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News Briefs II

Jackson Says He Is Considering 2000 Presidential Race

The Washington Post

Civil rights leader Jesse L. Jackson said Thursday he is considering seeking the Democratic party's nomination for president in 2000. Jackson traveled to New Hampshire on Thursday to speak to a group of Portsmouth high school students and a business group. While he did not directly address the campaign question in his speeches, he told reporters before and after that he was mulling the race.

In a telephone interview, he said President Clinton will emerge from the impeachment controversy stronger, and that he and Vice President Gore must expand on policy issues that have helped boost the economy. Jackson noted that one-fourth of children still live in poverty, the income disparity gap continues to widen, and millions of poor people still have no health care. Meanwhile, government continues to invest more in jails than in schools, he said.

Gore should not be allowed to inherit the nomination, Jackson said. "I think that a vigorous primary broadens the base of interest of volunteers of registered voters of interested voters," added Jackson, who ran unsuccessfully in 1984 and 1988. "Nobody is coming to a one-person debate."

In his New Hampshire visit, Jackson urged the state to approve the Martin Luther King Jr. holiday. He told the students to resist socially destructive behavior and to become politically active. He said he registered 200 to vote on the spot.

Ultra-Orthodox Rabbis Call for Protest of High Court

Los Angeles Times
JERUSALEM

In a campaign that has renewed the battle over Israel's cultural identity, ultra-Orthodox rabbis Thursday assailed the Israeli Supreme Court as a "wicked" institution guilty of making decisions that hurt Jews.

The verbal assault was unleashed by leading ultra-Orthodox rabbis who contend that the Supreme Court, under Chief Justice Aharon Barak, represents "judicial activism at its most destructive" and poses a threat to the Jewish nature of Israel.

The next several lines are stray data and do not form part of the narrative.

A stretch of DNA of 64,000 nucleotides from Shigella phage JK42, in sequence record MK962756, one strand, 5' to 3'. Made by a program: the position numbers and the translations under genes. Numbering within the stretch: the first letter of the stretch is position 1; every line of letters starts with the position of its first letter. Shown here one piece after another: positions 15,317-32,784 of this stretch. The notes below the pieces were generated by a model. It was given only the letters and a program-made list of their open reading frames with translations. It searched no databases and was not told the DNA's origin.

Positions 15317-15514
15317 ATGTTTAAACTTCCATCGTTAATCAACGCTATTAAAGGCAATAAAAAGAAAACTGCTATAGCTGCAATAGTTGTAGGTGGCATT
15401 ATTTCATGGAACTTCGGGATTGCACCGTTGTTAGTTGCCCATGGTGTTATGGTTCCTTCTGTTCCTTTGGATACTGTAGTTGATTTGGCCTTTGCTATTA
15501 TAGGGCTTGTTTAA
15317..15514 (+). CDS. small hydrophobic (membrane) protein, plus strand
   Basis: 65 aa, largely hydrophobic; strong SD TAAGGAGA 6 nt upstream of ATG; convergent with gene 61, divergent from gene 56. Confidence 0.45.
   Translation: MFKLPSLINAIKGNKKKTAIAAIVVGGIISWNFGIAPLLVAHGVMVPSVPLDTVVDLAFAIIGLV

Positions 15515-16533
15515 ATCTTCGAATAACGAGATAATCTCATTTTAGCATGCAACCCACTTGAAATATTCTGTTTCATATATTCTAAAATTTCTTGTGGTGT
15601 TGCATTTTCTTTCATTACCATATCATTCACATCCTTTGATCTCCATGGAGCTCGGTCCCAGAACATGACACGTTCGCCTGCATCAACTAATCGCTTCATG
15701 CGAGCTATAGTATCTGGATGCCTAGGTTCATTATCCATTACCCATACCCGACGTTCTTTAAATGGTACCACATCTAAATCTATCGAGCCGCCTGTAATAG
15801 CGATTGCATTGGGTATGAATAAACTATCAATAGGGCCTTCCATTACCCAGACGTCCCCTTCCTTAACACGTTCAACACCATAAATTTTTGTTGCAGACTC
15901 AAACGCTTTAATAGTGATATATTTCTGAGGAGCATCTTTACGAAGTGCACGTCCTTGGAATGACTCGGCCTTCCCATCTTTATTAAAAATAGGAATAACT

In unusually bitter language, the "haredim," as the ultra-Orthodox are known, are calling for a massive demonstration against the high court on Sunday. Rabbis are urging religious women and children to join, as well.

Outraged secular Jews, who make up the majority of Israel's population, responded by accusing the rabbis of incitement against the judges in a bid to undermine the foundations of Israeli democracy. Leftist politicians and youths from Israeli kibbutzim planned counterdemonstrations.

The uproar is seen as the latest skirmish in an ongoing war over the identity of the Jewish state, and how to reconcile Jewish law with democratic ideals. It is perhaps the most pressing social question facing the 50-year-old nation: Should Israel be a secular, liberal democracy, or should religion have a major role in determining how the state's citizens live, study and work?

Abortion Foes Face Setbacks in Court but Score on P.R. Front

Los Angeles Times
WASHINGTON

In a series of remarkably consistent decisions, courts have been blocking state laws that ban so-called "partial-birth" abortions almost as fast as the states have enacted them.

With Congress having failed twice to pass a national ban over President Clinton's veto, more than half the states have enacted such laws. In 18 of the 20 states whose laws have been challenged, courts either have found the laws unconstitutional or ordered the states not to enforce them until a trial is conducted.

But despite their setbacks in the courts, abortion opponents have scored a substantial public relations victory. Abortion rights advocates realize that state legislators, eager to ban partial-birth abortions, may rewrite the laws so that they pass constitutional muster.

The debate over this type of late-term abortion has "made even people who consider themselves pro-choice confront aspects of abortion they haven't before," said Susan Cohen, a legislative analyst at the Alan Guttmacher Institute, a reproductive health research center that supports legal abortion.

The laws enacted in more than half the states are intended to prohibit a method of abortion in which part of the fetus is pulled from the womb and into the birth canal before it is killed. The laws' supporters, including the National Conference of Catholic Bishops, have promoted them as affecting only this type of abortion, which usually is performed after about 18 weeks of pregnancy.

New Logging Roads Are Cut Off by Clinton Administration

Los Angeles Times

As part of a Clinton administration plan to reduce environmental damage in national forests, the U.S. Forest Service on Thursday declared an 18-month halt to the construction of logging roads across 33 million acres of forest land.

The moratorium on roads in areas that currently have none will be in effect while a final policy is worked out. It roughly one-sixth of the 191 million acres of timberland in the federal forest system, mostly in the West.

Announcing the plan at a Washington news conference, Agriculture Secretary Dan Glickman, whose department includes the Forest Service, described the moratorium "as an official timeout" while the service brings its management more in tune with forest needs and uses.

"There are 383,000 miles of forest roads already in existence, enough to circle the globe many times," Glickman said. "Less than half of them meet minimum environmental and safety standards," he said, estimating the total repair cost at more than $8 billion.

Glickman said that close to 2 million vehicles traverse forest roads every day, "many of them station wagons with families."